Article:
By Mesquite Editorial Board
To avoid low voter turnout in Student Government Association elections the week of Sept. 24, SGA will need to rely on the help of student life and student affairs to come up with a system that encourages voter participation.
The application process for SGA officer positions for president, vice president and school senators began Sept. 10 and ends Sept. 14. During the four day period, candidates are required to submit their physical application in Room 104 of Brooks City-Base Campus or Room 339 of Main Campus Building. Candidates cannot submit their completed applications electronically.
Voting days will be Sept. 24 and Sept. 26 at Main Campus and Sept. 25 and Sept. 26 in Room 104 of Brooks Campus.
SGA has not announced whether paper ballots will be the only acceptable voting method in the fall election. But if it is, that’s a hard sell for students attending a commuter campus.
The availability of digital polls may be the most effective way for SGA to reach the campus community. Finding the right room, gas mileage and schedule conflicts are all common reasons students say they don’t vote. Widening access will encourage more students to participate in the voting process.
A digital polling system ensures fair and accessible voting access for all students who attend Texas A&M-San Antonio. According to enrollment services Director Margie Vasquez, enrollment was 4,186 on Sept. 10. Every one of those students deserves the chance to vote.
Former SGA President Zaira Rodriguez should be congratulated for volunteering time to resurrect SGA but some of the problems that led to SGA’s vulnerable state are in danger of being repeated.
SGA’s volunteers should look outside our campus community for support and take notice of other small member campuses in the A&M System who rely on digital voting to reach a higher percentage of voters. SGA should also ask for assistance from departments within the University who can assist, including student affairs and information technology services.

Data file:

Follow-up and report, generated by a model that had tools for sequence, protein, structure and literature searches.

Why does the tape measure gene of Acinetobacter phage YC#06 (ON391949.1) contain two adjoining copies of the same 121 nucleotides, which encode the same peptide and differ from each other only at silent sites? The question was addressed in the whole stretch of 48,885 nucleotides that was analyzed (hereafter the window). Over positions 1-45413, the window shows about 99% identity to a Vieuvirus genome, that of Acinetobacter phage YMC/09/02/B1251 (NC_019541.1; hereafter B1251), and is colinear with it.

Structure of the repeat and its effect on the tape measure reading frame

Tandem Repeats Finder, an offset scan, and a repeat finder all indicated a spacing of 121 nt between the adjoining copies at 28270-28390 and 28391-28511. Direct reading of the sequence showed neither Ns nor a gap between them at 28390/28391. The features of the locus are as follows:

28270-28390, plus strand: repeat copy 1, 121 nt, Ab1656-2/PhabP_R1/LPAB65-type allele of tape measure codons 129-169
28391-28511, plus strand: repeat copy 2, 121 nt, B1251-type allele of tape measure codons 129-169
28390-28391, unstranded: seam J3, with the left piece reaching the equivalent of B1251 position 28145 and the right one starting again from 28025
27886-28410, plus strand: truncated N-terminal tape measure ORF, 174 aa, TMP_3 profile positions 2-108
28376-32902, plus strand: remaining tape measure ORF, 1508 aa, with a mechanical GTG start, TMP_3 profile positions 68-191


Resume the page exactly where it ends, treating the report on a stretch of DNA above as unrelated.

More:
Online polling/voting is a frequent practice at A&M-San Antonio. The administration had made use of it to gather responses on a wide variety of issues, including advising and student housing. Through digital polling, the students’ vote was tallied in rejection of a recreational fee. The student vote was also a factor in overturning the University’s plan to have one graduation ceremony.
Students have been able to play a major part in University decisions by voting through past polls via SurveyMonkey.
Providing wide voting access during SGA elections should be no different.
Like past surveys, students should only have access to the online poll through Jaguar email or the banner system, which requires students to vote using their K-number and/or personal login information to ensure security and efficiency.
A&M-Central Texas, a new campus that was approved in May 2009 as the tenth university in The Texas A&M University-System, has made digital polls available to their students.
J.Z. Bales, student body president at A&M-Central Texas, said they used Balloteer, an online election tool, to design the digital ballot for spring elections, which according to Bales is “a pretty simple process.”
“A secure link to the ballot was distributed to the students, who then utilized their UID — university identification number — to vote,” Bales wrote in an email.
Counting the ballots via digital voting could also ensure accuracy, with computer-tracked tallying and secured access.
To make an election work effectively, providing equal access is top priority.